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CMS Administrator Seema Verma. Photo: NICHOLAS KAMM/AFP/Getty Images

The Trump administration this morning took the first formal steps toward adding work requirements to Medicaid — likely one of the biggest changes this administration will make to the health care system.

Why it matters: Work requirements are a way to pare back Medicaid coverage, allowing states to remove some able-bodied adults from their rolls. In the face of congressional Republicans’ inability to pass a larger health care bill, these administrative actions are among conservatives’ best chances to pull Medicaid in a more conservative direction, after the Affordable Care Act dramatically expanded the program.

The big picture: The Centers for Medicare & Medicaid Services says in a new guidance document that it “will support state efforts to test incentives that make participation in work or other community engagement a requirement for continued Medicaid eligibility.”

  • This will all run through an existing waiver process that states frequently use to help tailor their individual Medicaid programs. CMS will still need to approve those waivers, so not every proposed work requirement will necessarily happen — but the administration wants to say “yes” as much as it can.
  • Using Medicaid to cover able-bodied adults “does not make sense,” CMS Administrator Seema Verma said in a recent speech previewing this policy.
  • That’s a stark change from the Obama administration, which firmly rejected states’ requests for Medicaid work requirements.

The details: Work requirements will be targeted at adults who are not disabled.

  • It’s not just work: States can seek to impose a variety of “community engagement” requirements, CMS says, including work as well as job training or certain volunteer efforts. Work, though, is the one red states are most interested in.
  • Many people are not technically enrolled in Medicaid due to a disability, but are in fact disabled. CMS says states will still have to comply with federal civil rights laws to ensure that disabled people are not wrongfully denied coverage.

Go deeper

USAID chief tests positive for coronavirus

An Air Force cargo jet delivers USAID supplies to Russia earlier this year. Photo: Mikhail Metzel/TASS via Getty Images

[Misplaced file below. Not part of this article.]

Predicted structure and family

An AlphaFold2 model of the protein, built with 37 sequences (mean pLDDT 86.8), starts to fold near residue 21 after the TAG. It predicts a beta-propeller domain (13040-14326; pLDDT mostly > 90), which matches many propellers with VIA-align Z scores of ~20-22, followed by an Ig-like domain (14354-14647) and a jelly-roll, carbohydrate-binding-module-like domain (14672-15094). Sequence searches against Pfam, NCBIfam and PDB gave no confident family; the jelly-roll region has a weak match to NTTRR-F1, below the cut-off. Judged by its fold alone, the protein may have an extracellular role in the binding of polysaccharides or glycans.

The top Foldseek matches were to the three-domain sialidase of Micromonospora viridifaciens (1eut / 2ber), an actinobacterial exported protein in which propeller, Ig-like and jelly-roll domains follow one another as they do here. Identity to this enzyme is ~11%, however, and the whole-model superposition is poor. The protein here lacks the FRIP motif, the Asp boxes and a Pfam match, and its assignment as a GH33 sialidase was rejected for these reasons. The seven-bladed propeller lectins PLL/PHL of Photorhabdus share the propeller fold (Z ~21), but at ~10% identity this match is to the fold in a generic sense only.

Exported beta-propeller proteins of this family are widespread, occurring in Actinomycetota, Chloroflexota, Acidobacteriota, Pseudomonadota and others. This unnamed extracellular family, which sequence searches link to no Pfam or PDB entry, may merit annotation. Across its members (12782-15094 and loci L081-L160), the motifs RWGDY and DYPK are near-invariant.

The acting administrator of the United States Agency for International Development informed senior staff Wednesday he has tested positive for coronavirus, two sources familiar with the call tell Axios.

Why it matters: John Barsa, who staffers say rarely wears a mask in their office, is the latest in a series of senior administration officials to contract the virus. His positive diagnosis comes amid broader turmoil at the agency following the election.

Bryan Walsh, author of Future
4 hours ago - Health

COVID-19 shows a bright future for vaccines

Illustration: Annelise Capossela/Axios

Promising results from COVID-19 vaccine trials offer hope not just that the pandemic could be ended sooner than expected, but that medicine itself may have a powerful new weapon.

Why it matters: Vaccines are, in the words of one expert, "the single most life-saving innovation ever," but progress had slowed in recent years. New gene-based technology that sped the arrival of the COVID vaccine will boost the overall field, and could even extend to mass killers like cancer.

6 hours ago - Health

Beware a Thanksgiving mirage

Illustration: Sarah Grillo/Axios

Don't be surprised if COVID metrics plunge over the next few days, only to spike next week.

Why it matters: The COVID Tracking Project warns of a "double-weekend pattern" on Thanksgiving — where the usual weekend backlog of data is tacked on to a holiday.

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